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Recruitment Consultants - UK - July 2015

Recruitment Consultants - UK - July 2015

“The recruitment consultant industry is continuing to change structure. The largest companies tend to be generalist recruiters, often combining temporary and permanent placements across a broad range of industries. Many operate internationally to protect them from the vagaries of a single economy. At the other end of the scale, there is the constant development of new companies, often with a very specific industry or job role specialisation, which tend to benefit from close relationships with their customer base, but can be subject to strong uncertainties when the economy turns down in a specific industry.”

– Terry Leggett Senior B2B Analyst

This report answers the following key questions:

How can recruiters benefit from the changing demography of the workforce?
Which sectors of the economy are expected to generate the largest demand for staffing in the coming years?
Is the recent growth in recruitment process outsourcing likely to continue in the future?
Where are skill shortages most apparent and what can recruiters do to exploit this?


EXECUTIVE SUMMARY
The market
Figure 1: UK market for recruitment consultants, 2011-14 actual, and 2015-20 forecast
Figure 2: Segmentation of the UK recruitment consultants market, by type, 2011-14 actual and 2015-20
forecast
Figure 3: Segmentation of temporary and contract employment through recruitment consultants, 2014
Figure 4: Segmentation of permanent employment through recruitment consultants, 2014
Market factors
Figure 5: Number of employment vacancies in the UK, 2010-15
Figure 6: Employment vacancies in the UK, by sector, March-May, 2013-15
Figure 7: Employment vacancies in the UK, by size of company, March-May, 2013-15
Figure 8: Changes in occupational structure, 1990-2020
Companies
Figure 9: Analysis of the changes in the structure of the labour recruitment/provision of personnel industry,
2010-14
What we think
KEY ISSUES
Are skills shortages a threat or an opportunity to the recruitment sector?
Are skills shortages and high demand affecting the time it takes recruitment consultants to fill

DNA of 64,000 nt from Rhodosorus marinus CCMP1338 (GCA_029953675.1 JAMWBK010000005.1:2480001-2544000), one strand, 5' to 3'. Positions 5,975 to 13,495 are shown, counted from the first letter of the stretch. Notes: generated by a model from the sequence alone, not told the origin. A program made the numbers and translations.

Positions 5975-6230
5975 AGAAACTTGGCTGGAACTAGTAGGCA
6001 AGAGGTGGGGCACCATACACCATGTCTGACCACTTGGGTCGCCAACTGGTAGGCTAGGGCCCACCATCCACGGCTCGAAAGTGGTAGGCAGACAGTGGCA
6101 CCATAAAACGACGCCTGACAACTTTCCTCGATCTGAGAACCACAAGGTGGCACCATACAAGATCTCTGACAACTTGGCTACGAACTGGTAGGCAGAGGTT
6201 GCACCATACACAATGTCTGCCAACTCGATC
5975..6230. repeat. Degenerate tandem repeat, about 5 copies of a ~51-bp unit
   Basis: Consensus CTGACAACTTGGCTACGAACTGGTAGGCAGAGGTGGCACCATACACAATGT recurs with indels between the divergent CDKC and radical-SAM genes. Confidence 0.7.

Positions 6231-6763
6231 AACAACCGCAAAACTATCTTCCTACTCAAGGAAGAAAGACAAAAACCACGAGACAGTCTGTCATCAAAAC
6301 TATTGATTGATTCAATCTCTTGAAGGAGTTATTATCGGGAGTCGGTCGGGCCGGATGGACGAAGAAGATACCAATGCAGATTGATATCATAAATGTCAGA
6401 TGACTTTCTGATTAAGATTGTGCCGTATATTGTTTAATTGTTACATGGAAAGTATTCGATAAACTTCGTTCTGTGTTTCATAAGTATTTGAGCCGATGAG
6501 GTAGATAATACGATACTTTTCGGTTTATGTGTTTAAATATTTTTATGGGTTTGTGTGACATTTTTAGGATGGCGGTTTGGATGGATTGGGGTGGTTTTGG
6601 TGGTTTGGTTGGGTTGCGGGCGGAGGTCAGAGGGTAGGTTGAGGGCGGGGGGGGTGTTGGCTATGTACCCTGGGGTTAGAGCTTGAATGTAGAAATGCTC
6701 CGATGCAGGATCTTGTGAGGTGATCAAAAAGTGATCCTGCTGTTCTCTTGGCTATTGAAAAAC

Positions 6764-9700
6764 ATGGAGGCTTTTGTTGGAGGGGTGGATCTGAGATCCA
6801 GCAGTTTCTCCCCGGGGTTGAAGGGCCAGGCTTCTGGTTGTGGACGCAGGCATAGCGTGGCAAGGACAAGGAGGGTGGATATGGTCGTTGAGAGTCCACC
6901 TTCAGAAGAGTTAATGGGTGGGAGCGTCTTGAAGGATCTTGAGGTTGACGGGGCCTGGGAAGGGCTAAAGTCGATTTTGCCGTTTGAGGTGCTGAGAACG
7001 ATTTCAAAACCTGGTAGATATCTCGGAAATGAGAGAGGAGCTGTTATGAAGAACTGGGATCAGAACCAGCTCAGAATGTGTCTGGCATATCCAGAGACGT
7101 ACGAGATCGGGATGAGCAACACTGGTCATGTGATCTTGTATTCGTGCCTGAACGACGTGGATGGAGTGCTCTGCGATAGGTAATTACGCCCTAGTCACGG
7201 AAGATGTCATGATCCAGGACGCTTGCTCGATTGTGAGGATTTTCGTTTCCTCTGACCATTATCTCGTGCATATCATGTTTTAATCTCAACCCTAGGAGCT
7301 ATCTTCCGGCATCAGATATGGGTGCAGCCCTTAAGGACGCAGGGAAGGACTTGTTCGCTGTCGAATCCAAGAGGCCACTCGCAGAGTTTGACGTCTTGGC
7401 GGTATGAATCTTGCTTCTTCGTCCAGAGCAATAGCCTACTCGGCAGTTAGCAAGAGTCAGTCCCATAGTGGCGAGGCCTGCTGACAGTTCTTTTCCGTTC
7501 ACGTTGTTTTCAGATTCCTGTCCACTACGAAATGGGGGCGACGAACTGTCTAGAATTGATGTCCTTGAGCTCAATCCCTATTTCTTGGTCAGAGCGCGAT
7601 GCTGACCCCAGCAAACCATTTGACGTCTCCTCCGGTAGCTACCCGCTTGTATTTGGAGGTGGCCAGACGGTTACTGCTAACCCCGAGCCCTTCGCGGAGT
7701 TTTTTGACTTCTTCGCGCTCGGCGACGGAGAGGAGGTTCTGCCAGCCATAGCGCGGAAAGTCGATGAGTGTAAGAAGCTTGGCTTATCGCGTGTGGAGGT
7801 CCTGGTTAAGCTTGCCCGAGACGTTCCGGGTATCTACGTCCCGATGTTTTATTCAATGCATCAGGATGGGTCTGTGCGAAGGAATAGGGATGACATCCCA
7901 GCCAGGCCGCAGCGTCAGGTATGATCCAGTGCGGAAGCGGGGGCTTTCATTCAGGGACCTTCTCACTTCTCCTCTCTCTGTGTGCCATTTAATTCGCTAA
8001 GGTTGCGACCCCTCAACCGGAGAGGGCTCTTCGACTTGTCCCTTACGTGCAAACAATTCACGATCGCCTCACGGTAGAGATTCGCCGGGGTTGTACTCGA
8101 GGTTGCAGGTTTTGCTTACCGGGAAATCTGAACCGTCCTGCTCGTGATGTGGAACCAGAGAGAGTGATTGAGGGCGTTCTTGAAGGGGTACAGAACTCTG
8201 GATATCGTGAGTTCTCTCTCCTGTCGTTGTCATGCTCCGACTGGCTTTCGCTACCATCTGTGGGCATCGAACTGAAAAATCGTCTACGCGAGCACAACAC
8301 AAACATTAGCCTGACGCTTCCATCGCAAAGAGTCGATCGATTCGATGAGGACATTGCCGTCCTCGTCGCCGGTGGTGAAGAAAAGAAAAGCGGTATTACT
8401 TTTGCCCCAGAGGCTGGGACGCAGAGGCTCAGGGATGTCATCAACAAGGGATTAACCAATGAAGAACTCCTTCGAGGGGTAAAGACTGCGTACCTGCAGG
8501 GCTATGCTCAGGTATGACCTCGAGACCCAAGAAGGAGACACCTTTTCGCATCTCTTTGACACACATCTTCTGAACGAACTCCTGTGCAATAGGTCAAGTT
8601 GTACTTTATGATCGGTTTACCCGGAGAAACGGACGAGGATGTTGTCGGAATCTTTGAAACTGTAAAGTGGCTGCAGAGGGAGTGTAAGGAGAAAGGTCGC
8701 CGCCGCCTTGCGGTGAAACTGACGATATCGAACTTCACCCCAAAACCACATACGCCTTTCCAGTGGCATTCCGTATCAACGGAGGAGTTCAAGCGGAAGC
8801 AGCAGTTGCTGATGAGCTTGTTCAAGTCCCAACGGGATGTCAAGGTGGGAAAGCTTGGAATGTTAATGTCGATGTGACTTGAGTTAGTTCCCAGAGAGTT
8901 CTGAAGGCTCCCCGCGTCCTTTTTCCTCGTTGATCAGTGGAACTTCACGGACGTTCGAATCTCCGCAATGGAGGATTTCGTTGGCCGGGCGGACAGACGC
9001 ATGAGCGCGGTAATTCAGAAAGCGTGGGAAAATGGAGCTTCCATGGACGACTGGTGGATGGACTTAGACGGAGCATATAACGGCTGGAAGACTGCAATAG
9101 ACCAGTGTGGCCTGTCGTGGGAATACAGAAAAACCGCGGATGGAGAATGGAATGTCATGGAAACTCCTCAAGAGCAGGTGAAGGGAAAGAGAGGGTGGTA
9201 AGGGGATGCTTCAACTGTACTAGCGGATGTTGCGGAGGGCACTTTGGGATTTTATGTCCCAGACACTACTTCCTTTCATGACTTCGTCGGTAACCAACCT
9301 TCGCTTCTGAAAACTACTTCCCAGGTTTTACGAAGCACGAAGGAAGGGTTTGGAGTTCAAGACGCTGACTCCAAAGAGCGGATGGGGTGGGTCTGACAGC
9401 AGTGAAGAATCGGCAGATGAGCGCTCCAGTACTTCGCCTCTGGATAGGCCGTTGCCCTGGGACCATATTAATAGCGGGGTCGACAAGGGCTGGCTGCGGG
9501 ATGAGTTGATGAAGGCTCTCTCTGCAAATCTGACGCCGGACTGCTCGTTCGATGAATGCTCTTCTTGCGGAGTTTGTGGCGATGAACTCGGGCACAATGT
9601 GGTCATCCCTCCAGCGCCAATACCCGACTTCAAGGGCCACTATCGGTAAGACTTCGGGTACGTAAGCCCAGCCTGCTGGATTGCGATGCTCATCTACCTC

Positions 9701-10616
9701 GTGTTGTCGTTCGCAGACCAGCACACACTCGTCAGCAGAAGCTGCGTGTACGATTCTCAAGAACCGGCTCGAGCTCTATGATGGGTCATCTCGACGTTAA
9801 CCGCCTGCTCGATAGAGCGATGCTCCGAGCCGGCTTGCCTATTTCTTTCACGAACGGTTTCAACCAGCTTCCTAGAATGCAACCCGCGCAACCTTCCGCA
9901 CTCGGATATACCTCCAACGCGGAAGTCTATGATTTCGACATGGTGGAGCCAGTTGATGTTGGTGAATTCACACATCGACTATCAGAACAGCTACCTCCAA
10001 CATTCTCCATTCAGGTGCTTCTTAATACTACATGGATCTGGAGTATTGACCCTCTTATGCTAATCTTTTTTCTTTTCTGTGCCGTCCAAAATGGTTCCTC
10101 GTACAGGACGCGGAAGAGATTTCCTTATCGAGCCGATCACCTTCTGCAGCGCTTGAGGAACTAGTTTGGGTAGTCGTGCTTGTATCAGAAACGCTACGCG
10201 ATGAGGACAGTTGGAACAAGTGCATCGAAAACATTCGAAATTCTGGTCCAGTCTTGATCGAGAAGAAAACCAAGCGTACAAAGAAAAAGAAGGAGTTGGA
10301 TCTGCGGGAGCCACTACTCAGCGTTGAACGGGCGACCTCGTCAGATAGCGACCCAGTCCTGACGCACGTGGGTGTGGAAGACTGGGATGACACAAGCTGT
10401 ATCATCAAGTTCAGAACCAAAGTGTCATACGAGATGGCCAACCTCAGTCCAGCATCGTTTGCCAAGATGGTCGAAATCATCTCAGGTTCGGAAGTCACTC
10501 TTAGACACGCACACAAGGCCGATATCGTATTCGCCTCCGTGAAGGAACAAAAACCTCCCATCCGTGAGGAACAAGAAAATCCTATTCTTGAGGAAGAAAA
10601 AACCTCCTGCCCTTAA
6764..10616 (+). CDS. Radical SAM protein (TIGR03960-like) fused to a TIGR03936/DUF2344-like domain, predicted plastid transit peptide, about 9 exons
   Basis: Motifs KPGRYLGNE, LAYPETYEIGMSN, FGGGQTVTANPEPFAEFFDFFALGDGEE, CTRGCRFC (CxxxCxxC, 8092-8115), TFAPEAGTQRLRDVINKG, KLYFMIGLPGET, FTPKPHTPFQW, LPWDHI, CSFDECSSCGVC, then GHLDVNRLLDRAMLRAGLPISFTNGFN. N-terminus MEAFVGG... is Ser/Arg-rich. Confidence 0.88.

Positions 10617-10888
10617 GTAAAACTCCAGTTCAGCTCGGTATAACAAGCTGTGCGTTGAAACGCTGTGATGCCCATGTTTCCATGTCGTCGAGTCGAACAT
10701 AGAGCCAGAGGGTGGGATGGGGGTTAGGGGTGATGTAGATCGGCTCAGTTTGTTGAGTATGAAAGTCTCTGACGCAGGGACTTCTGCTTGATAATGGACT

posts?
How does it affect the number of submissions by recruitment agencies?
How will the industry change over the next few years?
INTRODUCTION
Issues in the market
Definitions
Methodology
Abbreviations
Market positioning
The supplier
The customer
UK ECONOMY
Overview
Figure 10: UK GDP quarterly development, 2003-15
Figure 11: UK GDP in economic downturns and recoveries since 1979
Inflation
Interest rates
House prices
Consumer spending
Manufacturing
Business investment
Figure 12: UK GFCF 2003-15
Imports
Exports
MARKET FACTORS
Key analysis
Market factors
Economic conditions
Figure 13: UK economic development compared with other major EU countries, 2008-14
Employment levels
Figure 14: UK employment levels, 2008-15
Technological change
Figure 15: Proportion of businesses with internet access, by size of company, 2009-13
Socio-economic trends
Figure 16: Proportion of workforce self-employed, Feb-April 2011-15
Legislation
Other government policy
MARKET SIZE
Key points
Market size
Figure 17: UK market for recruitment consultants, 2011-15
It is taking longer to fill posts
Number of submissions increases
Levels of success continue to improve
Figure 18: Percentage of candidates placed by recruitment consultants compared with client submissions,
by industry, 2014
Figure 19: Percentage of candidates placed by recruitment consultants compared with client submissions,
by sector, 2014
MARKET SEGMENTATION
Key points
A market dominated by temporary placements
Figure 20: Segmentation of the UK recruitment consultants market, by type, 2011-15
Figure 21: The role of recruitment consultants to the total temporary employment market, 2014
A fragmented use of temporary and contract staff through recruitment consultants
Figure 22: Segmentation of temporary and contract employment through recruitment consultants, 2014
Permanent placements are also diverse
Figure 23: Segmentation of permanent employment through recruitment consultants, 2014
MARKET TRENDS
Key points
Job vacancies continue to climb strongly
Figure 24: Number of employment vacancies in the UK, 2010-15
Figure 25: Employment vacancies in the UK, by sector, March-May, 2013-15